By Beth Treffeisen
The Fenway neighborhood, like most of Boston, is filled with history. But beyond the historic games that have taken place at Fenway Park, there is a lot that has happened in this transient neighborhood that many call home.
In an effort to document the stories that might otherwise be forgotten, Tim Ney, a Fenway resident, is working on creating an oral history of the neighborhood called the Fenway Memory Project.
“The oral part of history isn’t written about and it can so easily be lost,” said Ney. “You can forget, and then the memories are lost forever.”
Ney is inviting residents of the Back Bay Fenway to come share memories at a storytelling session on Saturday, Oct. 28, at 10 a.m. in the Morville House at 100 Norway St.
Following the morning storytelling session, there will be a theater workshop led by actor-director Mark Krawczyk, a theater professor at Boston Conservatory at Berklee. This practical workshop for actors and non-actors will teach performer techniques to aid participants in finding ways to tell stories.
The storytelling workshop is part of the [ bitsandflow ] series, an art, media, tech series located in the Fenway that also features concerts, panels, readings and film screenings. The series encourages community members to participate and interact with artists. The format is intended to foster dialogue involving all generations and backgrounds.
The [ bitsandflow ] series is supported in part by the Mission Hill Fenway Neighborhood Trust, FENSFund, and the Boston Cultural Council.
The goal of the Fenway Memory Project is to document oral history, but also to create a sense of place.
“One goal is to show the changing of the Fenway,” said Ney. “The neighborhood has seen a dramatic increase of commerce, housing, and population. Some of the Fenway has always been transient with the student population or doctors in residency; they have a few years and move on after.”
He continued, “There’s a disconnect of the Fenway and the sense of place.”
Ney pointed to a little drugstore on the corner, and the little Italian restaurant that no longer are there. He said they are now artifacts of history because they don’t exist anymore. In addition there are a lot of hidden gems that many transient residents might never know about.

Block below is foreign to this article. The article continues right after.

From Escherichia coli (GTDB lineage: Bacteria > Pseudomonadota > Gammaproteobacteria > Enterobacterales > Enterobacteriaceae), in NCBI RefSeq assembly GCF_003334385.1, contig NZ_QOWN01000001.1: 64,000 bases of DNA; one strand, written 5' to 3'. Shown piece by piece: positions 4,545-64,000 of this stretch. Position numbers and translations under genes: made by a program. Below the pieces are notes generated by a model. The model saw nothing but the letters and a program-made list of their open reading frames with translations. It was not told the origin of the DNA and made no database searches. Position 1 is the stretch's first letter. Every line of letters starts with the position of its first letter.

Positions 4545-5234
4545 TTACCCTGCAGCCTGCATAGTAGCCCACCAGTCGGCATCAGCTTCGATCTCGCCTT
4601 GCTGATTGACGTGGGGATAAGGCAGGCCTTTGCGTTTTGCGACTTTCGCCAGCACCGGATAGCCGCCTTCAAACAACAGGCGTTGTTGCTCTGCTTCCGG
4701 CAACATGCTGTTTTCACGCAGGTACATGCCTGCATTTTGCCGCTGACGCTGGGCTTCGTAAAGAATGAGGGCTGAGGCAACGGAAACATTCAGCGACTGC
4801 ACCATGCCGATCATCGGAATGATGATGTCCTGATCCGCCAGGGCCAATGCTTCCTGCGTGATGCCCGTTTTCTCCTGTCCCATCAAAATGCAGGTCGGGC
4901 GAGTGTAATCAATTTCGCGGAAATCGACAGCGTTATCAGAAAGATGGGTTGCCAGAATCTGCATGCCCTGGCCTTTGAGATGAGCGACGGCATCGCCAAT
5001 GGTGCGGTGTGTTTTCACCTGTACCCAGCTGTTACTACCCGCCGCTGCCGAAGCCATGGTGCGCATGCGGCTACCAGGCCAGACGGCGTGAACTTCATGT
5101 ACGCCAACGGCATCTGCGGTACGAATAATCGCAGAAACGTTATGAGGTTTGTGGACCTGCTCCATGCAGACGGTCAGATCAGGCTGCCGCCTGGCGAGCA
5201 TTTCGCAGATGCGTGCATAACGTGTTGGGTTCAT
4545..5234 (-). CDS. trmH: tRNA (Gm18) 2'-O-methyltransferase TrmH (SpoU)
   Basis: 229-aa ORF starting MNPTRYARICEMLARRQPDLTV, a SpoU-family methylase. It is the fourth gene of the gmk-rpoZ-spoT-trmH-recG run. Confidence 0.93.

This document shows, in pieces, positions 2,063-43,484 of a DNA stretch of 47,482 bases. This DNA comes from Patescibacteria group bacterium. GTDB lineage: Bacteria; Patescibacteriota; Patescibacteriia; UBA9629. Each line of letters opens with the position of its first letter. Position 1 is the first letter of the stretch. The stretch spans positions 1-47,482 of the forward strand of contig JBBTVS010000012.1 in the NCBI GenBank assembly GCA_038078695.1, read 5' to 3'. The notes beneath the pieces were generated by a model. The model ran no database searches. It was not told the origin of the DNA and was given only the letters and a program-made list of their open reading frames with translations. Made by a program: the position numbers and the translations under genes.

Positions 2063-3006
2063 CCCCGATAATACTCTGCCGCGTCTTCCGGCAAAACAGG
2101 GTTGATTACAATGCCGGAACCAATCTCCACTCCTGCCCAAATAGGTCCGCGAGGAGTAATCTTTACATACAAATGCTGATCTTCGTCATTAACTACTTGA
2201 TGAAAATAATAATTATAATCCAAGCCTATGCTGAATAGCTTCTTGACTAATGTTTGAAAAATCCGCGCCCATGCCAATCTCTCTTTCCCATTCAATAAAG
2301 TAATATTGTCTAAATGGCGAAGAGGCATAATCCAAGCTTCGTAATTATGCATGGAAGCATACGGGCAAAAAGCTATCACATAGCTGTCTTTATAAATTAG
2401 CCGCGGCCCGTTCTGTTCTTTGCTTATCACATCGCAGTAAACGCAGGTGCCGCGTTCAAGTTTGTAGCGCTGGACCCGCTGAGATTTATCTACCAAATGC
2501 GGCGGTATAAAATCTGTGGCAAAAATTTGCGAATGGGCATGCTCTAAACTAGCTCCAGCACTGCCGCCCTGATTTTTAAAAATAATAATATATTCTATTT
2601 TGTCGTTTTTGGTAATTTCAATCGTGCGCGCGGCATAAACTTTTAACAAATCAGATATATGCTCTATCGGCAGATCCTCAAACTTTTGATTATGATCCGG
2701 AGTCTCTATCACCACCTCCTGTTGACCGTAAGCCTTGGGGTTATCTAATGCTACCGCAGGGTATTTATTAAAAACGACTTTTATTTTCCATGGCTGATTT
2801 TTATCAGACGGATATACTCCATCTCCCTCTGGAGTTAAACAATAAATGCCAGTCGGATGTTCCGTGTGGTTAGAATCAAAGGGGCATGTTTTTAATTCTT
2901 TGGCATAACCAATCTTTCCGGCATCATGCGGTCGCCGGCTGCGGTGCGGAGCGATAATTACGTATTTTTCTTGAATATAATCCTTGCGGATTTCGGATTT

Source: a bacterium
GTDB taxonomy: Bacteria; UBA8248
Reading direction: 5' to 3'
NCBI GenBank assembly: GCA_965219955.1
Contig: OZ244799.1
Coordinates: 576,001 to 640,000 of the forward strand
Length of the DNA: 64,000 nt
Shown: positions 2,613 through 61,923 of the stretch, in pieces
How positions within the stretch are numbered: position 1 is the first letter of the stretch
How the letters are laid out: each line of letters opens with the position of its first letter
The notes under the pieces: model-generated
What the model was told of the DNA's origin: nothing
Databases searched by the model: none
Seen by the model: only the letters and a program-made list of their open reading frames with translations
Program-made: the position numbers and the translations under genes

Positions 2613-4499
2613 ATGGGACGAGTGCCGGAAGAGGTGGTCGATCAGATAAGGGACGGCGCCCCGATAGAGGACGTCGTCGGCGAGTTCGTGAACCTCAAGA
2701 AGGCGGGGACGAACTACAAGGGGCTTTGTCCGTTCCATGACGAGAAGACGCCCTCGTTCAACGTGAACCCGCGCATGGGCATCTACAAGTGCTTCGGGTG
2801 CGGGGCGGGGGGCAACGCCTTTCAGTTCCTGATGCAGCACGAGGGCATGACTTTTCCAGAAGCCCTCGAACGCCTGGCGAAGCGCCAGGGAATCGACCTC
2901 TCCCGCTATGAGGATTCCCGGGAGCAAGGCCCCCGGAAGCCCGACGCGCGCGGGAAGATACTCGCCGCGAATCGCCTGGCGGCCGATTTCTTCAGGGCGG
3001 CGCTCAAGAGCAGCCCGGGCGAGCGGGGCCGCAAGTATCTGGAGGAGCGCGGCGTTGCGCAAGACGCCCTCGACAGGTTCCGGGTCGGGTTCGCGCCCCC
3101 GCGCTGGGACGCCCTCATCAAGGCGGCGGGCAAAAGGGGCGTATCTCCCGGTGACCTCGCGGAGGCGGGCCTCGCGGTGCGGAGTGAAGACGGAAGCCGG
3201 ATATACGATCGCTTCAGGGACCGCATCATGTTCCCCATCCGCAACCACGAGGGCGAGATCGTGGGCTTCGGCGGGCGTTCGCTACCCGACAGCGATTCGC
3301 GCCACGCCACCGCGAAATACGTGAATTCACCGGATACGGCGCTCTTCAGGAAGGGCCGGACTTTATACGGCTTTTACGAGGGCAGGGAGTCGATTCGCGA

Through the project Ney hopes to gather stories from residents everyday life to people who remember going to their first Red Sox game.
Some of the project will be verbal storytelling through residents or through actors retelling stories through video. It later can become something more such as a theater production or an art installation. Ney said they are still very open to how the finished project will look like.
“The origin will be oral history but we might go beyond video to stage or [performance art],” said Ney. “That way we can integrate and weave the tales together to give an historical sense of the Fenway.”
Previous projects with [ bitsandflow ] include “Transonic III” that featured an evening of live interactive electronic music and video from Berklee College at the Hatch Fenway Landmark Center.
Ney said this gave an opportunity for students to perform outside the college campus and interact with the surrounding community.
“There are a number of people I know in their 80s who really enjoyed it,” said Ney. “After the show, they get to talk with the younger artists and give feedback.”
Another project included “Big Work: Documentary Theatre” that was developed from three months of 40 interviews by two local college students that asked people about their jobs. The artists, along with their acting colleagues read scenes from their play, and shared how their work examines the modern day relationship to jobs.
The series [ bitsandflow ] began when Ney noticed that there where a lot of tech events happening in other neighborhoods in Boston, such as the waterfront downtown or in Kendall Square in Cambridge. Many of those people either live in the Fenway or have visited the neighborhood going to a ball game or spending some time on Lansdowne Street.
“There are a lot of intuitional silos that cater to people within those organizations and they all tend to work with each other,” said Ney. “I also noticed that there are events based on different age groups such as millenials or for seniors. So I thought, why not try to get events here that bring all of these people together?”
The latest project is the Fenway Memory Project that launches at the Morville House this weekend. Ney hopes to begin the project by collecting stories from seniors who live in the community.
To register or for more information, visit bitsandflow.com.